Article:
First MasterChef Asia winner talks agony and ecstasy of reality TV
Singaporean Woo Wai-leong withstood the heat in the kitchen to win the inaugural MasterChef Asia title, but warns prospective entrants of the pressure cooker-like environment of performing on the popular TV programme
MasterChef Asia is calling for contestants for its second season and potential applicants are advised to learn a thing or two from Woo Wai-leong, the first winner of the competitive cooking reality show.
Recently in Hong Kong to promote the programme, which was aired on Now TV, the Singaporean says the show was so stressful he would never do another one, but the experience is so valuable it will last a lifetime.
“As long as you’re a fan of cooking and want to see how you perform under pressure, just do it. Don’t do it for the prize. Don’t do it for the fame. Do it because you want to challenge yourself. You want to see whether you can survive under that environment,” says Woo.
“Before this show, I found myself watching MasterChef at home and thought ‘I can do better than this. How could he forget that? How could he screw that up?’ But at the competition, I was eating my words. It’s this hard. It’s this tough.”
At an event at Flame in Tsim Sha Tsui, the lawyer turned MasterChef took his time to recreate the short ribs with brown-butter purée and mirin-glazed leeks dish that he made during the second challenge at the finale.
But Woo says aspiring contestants should be prepared to work under a lot of pressure because during the actual competition nothing ever goes according to plan. He recalls in the seventh episode, each of the contestants was to cook for 150 people in about 2½ hours.
“I was cooking falafels – I had enough and just before the guests walked through, I turned and knocked the entire bowl on the floor. The entire service I was just doing catch-up. I was swearing like mad,” says Woo.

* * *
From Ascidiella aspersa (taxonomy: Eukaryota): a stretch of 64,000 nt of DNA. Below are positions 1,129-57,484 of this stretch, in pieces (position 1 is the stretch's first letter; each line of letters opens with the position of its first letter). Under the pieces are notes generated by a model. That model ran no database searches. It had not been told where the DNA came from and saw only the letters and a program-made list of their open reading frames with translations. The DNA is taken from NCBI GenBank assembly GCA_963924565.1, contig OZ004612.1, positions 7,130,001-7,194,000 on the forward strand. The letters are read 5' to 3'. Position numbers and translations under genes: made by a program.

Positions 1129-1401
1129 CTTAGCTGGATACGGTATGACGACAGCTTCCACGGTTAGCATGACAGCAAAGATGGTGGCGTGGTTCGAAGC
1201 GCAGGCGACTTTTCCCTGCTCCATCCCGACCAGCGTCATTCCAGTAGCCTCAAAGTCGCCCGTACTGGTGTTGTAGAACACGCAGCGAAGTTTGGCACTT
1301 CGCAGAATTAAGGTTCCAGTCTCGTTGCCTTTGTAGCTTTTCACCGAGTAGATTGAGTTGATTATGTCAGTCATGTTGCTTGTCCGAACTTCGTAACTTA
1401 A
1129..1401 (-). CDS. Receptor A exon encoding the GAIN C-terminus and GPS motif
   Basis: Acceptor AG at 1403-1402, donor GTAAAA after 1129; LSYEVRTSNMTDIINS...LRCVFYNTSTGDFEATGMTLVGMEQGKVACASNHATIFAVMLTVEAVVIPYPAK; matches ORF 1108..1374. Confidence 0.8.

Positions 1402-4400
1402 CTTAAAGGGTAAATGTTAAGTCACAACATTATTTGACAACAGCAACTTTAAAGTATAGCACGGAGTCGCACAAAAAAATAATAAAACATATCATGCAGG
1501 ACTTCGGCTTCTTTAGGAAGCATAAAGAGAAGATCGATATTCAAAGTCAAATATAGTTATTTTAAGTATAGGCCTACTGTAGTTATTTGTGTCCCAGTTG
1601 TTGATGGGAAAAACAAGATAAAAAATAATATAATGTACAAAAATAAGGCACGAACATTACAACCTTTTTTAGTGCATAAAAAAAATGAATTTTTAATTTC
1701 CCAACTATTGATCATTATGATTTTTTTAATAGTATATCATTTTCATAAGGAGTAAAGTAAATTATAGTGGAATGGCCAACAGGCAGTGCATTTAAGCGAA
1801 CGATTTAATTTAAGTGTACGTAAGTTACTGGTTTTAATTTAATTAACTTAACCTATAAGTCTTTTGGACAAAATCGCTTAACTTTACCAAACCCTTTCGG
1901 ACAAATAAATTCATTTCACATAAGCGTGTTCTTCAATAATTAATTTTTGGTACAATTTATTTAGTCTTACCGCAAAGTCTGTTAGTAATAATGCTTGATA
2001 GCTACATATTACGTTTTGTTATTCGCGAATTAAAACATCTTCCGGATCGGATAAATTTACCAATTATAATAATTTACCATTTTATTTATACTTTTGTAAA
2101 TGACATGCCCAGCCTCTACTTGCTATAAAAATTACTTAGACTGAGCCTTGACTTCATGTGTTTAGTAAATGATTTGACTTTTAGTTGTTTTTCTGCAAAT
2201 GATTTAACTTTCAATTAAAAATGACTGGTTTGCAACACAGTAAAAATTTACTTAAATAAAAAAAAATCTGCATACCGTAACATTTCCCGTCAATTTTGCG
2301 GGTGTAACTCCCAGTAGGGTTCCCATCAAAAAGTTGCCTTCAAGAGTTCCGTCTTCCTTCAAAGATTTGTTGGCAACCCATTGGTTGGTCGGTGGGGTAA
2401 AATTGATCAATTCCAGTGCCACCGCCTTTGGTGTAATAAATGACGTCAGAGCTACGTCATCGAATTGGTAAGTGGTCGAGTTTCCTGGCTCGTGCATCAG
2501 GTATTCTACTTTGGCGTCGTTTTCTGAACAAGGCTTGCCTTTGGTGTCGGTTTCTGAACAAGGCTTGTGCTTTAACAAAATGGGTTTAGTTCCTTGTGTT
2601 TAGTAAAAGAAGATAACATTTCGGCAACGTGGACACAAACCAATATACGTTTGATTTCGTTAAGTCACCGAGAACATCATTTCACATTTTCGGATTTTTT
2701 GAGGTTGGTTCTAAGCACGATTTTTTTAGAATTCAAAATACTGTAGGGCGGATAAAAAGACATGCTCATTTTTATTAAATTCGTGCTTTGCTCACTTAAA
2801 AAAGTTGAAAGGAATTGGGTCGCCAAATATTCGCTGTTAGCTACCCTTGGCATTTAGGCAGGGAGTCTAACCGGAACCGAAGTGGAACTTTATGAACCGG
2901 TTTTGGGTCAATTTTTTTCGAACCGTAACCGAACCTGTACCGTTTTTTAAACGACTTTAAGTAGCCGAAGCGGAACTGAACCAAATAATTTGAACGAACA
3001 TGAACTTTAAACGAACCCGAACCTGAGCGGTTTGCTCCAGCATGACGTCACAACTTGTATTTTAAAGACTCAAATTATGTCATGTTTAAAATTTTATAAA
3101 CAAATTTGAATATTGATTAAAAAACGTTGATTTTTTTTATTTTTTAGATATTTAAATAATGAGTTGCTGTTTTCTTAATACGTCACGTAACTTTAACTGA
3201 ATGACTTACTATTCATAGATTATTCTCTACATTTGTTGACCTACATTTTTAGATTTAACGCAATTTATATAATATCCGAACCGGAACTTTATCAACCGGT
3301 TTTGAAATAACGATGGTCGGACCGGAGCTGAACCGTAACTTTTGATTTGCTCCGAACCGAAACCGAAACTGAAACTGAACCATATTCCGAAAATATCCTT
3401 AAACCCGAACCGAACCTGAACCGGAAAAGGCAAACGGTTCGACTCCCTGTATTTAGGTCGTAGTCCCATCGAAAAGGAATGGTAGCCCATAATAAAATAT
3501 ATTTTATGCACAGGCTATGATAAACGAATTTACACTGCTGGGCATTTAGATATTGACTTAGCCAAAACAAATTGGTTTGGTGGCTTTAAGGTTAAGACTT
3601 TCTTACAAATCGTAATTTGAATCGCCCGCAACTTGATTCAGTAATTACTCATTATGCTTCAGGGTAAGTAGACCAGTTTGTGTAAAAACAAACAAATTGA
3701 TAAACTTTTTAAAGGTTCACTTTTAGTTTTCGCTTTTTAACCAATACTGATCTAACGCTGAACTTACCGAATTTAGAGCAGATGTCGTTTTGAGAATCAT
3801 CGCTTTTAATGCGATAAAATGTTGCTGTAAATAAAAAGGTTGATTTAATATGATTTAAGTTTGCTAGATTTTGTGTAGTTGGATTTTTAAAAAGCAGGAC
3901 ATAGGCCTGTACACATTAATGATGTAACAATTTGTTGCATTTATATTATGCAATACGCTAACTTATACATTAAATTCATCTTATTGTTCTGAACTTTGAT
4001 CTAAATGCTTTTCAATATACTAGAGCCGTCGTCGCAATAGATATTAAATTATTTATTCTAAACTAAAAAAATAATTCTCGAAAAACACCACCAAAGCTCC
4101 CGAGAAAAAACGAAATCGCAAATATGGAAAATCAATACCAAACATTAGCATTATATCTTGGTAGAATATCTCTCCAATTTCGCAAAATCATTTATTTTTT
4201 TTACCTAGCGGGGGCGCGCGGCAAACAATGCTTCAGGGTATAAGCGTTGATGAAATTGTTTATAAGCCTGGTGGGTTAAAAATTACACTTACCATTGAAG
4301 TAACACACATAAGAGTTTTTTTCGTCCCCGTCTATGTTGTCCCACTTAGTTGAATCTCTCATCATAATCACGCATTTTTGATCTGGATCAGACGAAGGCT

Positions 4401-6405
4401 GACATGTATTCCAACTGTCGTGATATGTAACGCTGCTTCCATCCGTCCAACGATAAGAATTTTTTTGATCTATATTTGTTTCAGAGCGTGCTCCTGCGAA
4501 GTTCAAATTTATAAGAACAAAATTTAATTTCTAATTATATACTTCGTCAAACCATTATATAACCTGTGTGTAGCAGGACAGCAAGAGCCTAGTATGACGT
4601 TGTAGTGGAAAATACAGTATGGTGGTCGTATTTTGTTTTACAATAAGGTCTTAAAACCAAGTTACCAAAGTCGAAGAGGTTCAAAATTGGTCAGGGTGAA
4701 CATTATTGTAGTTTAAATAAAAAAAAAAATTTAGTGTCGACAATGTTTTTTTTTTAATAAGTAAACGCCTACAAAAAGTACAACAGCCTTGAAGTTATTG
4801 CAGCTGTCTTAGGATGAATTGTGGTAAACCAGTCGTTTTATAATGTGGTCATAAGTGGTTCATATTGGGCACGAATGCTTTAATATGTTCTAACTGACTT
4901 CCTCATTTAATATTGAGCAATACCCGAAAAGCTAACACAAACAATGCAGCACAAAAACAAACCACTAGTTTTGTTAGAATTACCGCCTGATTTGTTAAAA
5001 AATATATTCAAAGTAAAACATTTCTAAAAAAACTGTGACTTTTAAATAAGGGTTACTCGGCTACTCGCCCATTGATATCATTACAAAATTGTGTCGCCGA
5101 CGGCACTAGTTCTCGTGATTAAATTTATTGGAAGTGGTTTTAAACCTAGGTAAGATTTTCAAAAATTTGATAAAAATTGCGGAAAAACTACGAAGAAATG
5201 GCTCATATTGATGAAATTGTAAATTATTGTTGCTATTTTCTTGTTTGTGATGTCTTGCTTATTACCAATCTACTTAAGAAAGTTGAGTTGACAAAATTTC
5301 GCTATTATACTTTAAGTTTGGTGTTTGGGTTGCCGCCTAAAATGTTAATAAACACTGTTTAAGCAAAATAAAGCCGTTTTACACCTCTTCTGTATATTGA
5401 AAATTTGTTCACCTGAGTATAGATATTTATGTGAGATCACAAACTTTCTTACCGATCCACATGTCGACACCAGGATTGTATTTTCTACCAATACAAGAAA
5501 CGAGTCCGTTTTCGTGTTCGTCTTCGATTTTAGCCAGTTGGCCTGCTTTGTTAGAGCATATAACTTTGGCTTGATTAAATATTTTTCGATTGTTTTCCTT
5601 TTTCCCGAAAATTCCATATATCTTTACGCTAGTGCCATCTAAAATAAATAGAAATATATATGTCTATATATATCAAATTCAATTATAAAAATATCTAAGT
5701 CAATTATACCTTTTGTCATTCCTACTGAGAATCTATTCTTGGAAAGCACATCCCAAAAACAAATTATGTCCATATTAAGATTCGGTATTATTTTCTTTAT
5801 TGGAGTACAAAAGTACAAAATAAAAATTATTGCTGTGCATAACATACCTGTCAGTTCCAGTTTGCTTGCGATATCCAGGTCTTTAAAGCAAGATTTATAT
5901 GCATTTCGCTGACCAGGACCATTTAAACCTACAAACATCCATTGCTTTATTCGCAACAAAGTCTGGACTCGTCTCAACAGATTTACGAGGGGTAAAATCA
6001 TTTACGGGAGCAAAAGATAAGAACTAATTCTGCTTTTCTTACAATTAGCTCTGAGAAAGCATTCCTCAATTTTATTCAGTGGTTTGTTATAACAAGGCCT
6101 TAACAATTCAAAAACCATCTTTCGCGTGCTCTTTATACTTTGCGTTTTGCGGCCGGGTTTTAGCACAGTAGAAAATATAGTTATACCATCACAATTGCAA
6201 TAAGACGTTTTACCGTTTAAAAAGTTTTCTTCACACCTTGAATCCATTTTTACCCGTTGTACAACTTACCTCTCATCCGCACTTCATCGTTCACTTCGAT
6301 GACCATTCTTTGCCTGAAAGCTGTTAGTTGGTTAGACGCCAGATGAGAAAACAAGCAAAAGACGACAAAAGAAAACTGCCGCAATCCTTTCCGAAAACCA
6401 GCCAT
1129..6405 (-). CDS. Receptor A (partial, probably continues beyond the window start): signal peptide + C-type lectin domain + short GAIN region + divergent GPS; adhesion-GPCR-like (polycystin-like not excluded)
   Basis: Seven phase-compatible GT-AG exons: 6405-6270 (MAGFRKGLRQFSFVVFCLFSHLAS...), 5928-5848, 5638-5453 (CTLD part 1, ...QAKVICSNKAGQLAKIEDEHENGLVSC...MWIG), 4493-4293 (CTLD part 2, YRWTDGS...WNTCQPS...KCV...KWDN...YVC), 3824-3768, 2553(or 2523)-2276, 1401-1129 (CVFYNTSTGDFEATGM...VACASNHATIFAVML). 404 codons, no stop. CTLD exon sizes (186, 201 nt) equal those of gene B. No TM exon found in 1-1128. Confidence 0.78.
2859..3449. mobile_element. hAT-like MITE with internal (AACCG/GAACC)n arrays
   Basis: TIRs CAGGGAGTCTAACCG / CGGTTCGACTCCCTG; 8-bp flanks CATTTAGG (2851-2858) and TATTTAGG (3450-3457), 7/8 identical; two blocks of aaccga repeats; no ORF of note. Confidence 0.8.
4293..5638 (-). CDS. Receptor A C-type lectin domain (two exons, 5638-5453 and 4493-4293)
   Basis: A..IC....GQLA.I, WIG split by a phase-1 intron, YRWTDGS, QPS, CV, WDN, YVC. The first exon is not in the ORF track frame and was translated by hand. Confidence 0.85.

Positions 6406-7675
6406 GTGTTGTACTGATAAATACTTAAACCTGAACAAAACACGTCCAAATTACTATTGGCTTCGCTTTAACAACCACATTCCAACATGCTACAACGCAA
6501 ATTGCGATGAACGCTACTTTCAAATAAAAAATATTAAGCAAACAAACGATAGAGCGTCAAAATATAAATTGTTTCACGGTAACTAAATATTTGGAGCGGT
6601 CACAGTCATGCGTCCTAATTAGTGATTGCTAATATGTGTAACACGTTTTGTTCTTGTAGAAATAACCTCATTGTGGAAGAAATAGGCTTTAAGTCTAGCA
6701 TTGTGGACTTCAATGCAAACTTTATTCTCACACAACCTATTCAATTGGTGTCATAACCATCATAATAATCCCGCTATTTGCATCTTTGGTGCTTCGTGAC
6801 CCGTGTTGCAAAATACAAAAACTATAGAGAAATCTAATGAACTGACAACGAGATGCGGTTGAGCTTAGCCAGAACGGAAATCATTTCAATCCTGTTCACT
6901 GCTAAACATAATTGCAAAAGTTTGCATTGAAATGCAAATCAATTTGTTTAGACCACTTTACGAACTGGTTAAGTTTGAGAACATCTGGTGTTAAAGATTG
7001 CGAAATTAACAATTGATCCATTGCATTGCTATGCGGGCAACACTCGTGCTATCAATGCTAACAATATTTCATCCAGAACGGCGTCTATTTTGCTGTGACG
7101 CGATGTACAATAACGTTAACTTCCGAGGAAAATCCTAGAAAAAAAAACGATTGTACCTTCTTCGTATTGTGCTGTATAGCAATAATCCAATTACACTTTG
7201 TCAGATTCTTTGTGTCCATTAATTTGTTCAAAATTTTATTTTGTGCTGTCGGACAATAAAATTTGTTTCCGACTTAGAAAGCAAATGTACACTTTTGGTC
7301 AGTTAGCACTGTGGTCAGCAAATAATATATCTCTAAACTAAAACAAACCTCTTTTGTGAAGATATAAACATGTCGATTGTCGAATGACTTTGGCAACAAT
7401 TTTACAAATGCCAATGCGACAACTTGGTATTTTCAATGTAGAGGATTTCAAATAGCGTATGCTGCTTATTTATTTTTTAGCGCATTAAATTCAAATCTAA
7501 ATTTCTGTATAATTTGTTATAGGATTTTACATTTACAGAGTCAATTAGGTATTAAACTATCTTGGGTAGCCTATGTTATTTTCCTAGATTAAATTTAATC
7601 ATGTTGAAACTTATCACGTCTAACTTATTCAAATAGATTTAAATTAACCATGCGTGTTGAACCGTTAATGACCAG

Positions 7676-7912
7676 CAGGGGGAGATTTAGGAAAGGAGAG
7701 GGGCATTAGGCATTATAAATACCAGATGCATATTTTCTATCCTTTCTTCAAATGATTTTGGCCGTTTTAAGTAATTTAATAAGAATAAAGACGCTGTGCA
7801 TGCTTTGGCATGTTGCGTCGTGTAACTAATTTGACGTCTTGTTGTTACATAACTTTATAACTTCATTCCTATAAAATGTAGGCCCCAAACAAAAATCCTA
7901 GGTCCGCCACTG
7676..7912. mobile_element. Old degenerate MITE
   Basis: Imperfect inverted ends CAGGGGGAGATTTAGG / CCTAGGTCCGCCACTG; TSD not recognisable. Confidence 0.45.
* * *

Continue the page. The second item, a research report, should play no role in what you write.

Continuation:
And unlike common misconceptions of a reality show, there’s no need to act because there’s simply no time or energy for you to worry about that. Woo adds: “Things will happen, and as long as the cameras catch it, you’ve a good show. It sounds really corny but just be yourself and it’s entertaining in itself.”
MasterChef Asia happened during the 27-year-old’s final year of law training when A+E Networks’ Lifetime channel started recruiting contestants for the show, which is based on the very popular British original. He took the time off to compete in the show, which involved 15 contestants from around Asia filming in an undisclosed location for six weeks in Leong’s home city, before he went back to his training and received the law qualification.
Woo says he is chilling out now, working part time as a bartender at a place called Horse’s Mouth and writing a cookbook as part of the prize for MasterChef Asia, which also includes a US$50,000 cash prize and a one-year paid internship at one of Carlton Hotel Singapore’s restaurants.
“To me the prizes are the bonus. The biggest reward is knowing that I’m half decent at what I think I love to do. The next reward is most definitely the fact that I came up with 14 other friends. Those are some relationships that will never go away easy. You are bonded by that one experience,” says Woo.
“They love to cook. I love to cook. We meet up all the time to eat and talk about food. We will talk about food non-stop and other people will get bored but we’re still OK. Those 14 other people made the entire journey worth it.
“The idea of MasterChef Asia is based very much on MasterChef Australia. We’re more supportive. It’s less about me against you. It’s more about my personal journey throughout the competition.
“Because more often than not, the person that lets you down the most is going to be yourself. You’re going to hate yourself if you mess up a dish. And it’s about whether you can bounce back and keep on fighting and getting past rounds after rounds. I think that’s more exciting because it’s a lot more personal.”